When I finished selection, I had stress fractures in both legs and a hip injury since I was never an endurance athlete but that is a very small price to pay.

SGPT: How much ruck hiking is there? Should a candidate be focusing on rucking with weight? Or long distance running with trail shoes?

BH: SFAS has an insane amount of Rucking and you will have a very heavy ruck on your back during every event except for the PT test, o course, and timed runs.
I never rucked till I joined the Army but long distance running and hill sprints are a good alternative. Rucking too much can cause injuries so I limited it to a 6 mile ruck once a week and trail running 3 times during the week. The Marsoc fitness prep app that you can get on your phone has a lot of great workouts for SOF candidates.

SGPT: What was a typical day like for you in training?

BH: When I was waiting to go to the prep course, we had 1 PT session a day followed by a major smoke session. During this smoke session, on average 5 guys would VW from the course but they were the type of guys who should not have been there in the first place. After getting selected, we PT on our own and are responsible for holding ourselves to a high physical standard.

SGPT: did you happen to read a good book before entering training that may have helped you?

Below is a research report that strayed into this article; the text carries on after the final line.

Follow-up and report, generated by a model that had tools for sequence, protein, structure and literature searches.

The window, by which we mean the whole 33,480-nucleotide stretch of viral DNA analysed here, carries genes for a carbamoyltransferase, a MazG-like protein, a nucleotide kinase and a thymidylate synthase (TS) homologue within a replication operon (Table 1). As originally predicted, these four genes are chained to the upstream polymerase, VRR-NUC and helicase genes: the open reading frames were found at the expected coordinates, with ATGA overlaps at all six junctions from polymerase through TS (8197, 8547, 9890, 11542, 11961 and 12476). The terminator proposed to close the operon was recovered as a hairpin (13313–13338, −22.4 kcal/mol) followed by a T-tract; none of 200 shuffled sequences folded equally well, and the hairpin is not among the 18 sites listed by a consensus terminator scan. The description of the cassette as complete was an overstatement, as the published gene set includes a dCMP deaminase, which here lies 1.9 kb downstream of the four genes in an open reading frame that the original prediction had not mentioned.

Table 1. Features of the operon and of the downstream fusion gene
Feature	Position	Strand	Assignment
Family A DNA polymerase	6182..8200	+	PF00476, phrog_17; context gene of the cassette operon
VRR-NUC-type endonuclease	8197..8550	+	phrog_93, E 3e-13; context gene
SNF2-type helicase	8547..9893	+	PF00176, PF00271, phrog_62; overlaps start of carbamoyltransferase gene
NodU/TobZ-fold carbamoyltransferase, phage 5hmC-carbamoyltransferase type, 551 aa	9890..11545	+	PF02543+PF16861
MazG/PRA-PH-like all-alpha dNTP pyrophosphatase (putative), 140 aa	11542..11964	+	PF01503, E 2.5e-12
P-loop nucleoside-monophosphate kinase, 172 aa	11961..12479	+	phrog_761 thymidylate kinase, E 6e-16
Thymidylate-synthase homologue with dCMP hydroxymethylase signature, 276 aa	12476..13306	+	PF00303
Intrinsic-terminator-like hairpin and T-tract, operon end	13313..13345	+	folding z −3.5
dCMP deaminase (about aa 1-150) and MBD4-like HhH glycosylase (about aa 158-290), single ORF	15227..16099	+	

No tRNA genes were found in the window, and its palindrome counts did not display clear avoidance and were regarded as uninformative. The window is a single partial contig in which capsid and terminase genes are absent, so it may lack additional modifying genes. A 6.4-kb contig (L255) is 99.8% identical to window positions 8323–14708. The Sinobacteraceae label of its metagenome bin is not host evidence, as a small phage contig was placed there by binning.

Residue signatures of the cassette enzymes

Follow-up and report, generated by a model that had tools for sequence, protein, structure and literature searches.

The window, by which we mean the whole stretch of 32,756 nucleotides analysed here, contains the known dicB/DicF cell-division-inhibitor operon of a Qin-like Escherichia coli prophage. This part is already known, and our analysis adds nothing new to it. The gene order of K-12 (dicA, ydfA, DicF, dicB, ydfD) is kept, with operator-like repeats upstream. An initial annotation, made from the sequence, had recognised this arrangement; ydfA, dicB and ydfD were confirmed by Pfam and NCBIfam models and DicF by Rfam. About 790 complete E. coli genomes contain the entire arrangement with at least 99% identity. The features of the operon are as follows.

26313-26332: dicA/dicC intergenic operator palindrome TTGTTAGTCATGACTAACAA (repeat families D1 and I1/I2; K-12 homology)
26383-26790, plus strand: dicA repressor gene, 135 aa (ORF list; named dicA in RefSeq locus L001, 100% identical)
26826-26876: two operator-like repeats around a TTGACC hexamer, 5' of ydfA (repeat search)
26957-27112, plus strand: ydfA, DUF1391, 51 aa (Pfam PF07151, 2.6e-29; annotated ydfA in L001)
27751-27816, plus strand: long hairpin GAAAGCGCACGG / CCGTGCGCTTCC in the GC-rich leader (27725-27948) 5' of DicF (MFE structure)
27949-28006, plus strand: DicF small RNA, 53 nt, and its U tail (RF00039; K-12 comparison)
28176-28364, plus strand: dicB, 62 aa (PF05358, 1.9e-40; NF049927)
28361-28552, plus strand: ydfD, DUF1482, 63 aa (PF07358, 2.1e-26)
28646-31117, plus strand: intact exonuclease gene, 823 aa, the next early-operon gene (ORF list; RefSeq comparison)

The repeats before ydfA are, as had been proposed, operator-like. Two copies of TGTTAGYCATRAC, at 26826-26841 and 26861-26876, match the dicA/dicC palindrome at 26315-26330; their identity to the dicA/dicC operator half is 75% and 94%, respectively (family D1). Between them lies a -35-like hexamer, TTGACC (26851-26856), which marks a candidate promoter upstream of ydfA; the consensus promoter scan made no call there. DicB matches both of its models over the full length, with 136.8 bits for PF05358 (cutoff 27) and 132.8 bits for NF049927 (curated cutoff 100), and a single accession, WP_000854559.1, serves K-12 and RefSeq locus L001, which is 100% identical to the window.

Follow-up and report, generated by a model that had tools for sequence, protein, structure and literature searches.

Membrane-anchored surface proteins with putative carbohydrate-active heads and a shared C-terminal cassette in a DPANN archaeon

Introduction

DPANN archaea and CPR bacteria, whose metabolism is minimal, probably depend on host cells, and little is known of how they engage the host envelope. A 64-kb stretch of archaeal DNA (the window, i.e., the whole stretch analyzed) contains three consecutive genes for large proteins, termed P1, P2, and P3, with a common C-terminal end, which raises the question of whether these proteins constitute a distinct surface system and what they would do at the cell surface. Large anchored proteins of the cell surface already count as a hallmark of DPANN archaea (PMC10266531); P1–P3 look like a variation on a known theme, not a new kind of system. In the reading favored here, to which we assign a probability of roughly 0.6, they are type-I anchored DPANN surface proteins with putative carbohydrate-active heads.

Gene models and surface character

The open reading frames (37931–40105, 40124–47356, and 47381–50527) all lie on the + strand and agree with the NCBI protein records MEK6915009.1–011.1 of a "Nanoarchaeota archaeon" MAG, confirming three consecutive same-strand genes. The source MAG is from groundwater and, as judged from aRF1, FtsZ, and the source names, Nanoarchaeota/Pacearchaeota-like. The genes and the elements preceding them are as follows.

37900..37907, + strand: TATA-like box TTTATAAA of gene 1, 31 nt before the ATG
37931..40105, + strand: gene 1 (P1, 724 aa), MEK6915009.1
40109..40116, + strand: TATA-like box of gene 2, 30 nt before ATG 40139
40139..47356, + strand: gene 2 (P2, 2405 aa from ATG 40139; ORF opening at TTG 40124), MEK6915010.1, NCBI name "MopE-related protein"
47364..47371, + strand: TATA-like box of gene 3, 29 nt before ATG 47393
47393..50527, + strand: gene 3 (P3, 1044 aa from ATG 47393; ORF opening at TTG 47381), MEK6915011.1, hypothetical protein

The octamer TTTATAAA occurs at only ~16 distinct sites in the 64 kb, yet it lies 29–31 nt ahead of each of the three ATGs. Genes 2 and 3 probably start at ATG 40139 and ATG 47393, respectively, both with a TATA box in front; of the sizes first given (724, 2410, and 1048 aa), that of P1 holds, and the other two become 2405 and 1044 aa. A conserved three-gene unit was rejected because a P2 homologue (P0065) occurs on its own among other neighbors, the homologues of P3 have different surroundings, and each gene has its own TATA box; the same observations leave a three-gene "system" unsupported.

BH: Their are a couple books that I recommend that helped me prepare. The first half of Lone survivor gives good insight into the mindset of a warrior and gives little mental tricks that I ended up using in training. The Green Berets by Robin Moore gives a great insight into who green berets are and how they operate. it is also a great read.

SGPT: What’s next for you?

BH: My focus right now is on completing the SF medic course. It is a lot of studying but is a much needed skill in the SF community.

SGPT: Thanks for the interview Bravo?

BH: I am also happy to help anyone who is interested in SF. One thing I would like to point out is that their is no specific body type for SF. I have seen big dudes push through and endure the long runs but I have also seen very small guys carry their rucks as fast as anyone. The only thing required to complete the course is wanting to succeed more than anything. I saw guys who look like captain America drop because when things got tough, they decided it was not for them.

ABOUT THE AUTHOR

Brad McLeod knows first hand about mental toughness. After passing Hell Week and Dive Pool Comp at BUD/S, he failed a math test and was kicked out of training. A year later, he returned, graduated, and served as an operator on the Navy SEAL Teams.

Today, he is one of the most sought after mental conditioning coaches in the world. SEALgrinderPT audios and ebooks have been downloaded in 20 different countries around the globe. Check out SEALgrinderPT Coaching to help you step up and take hold of your dreams and realize your goals.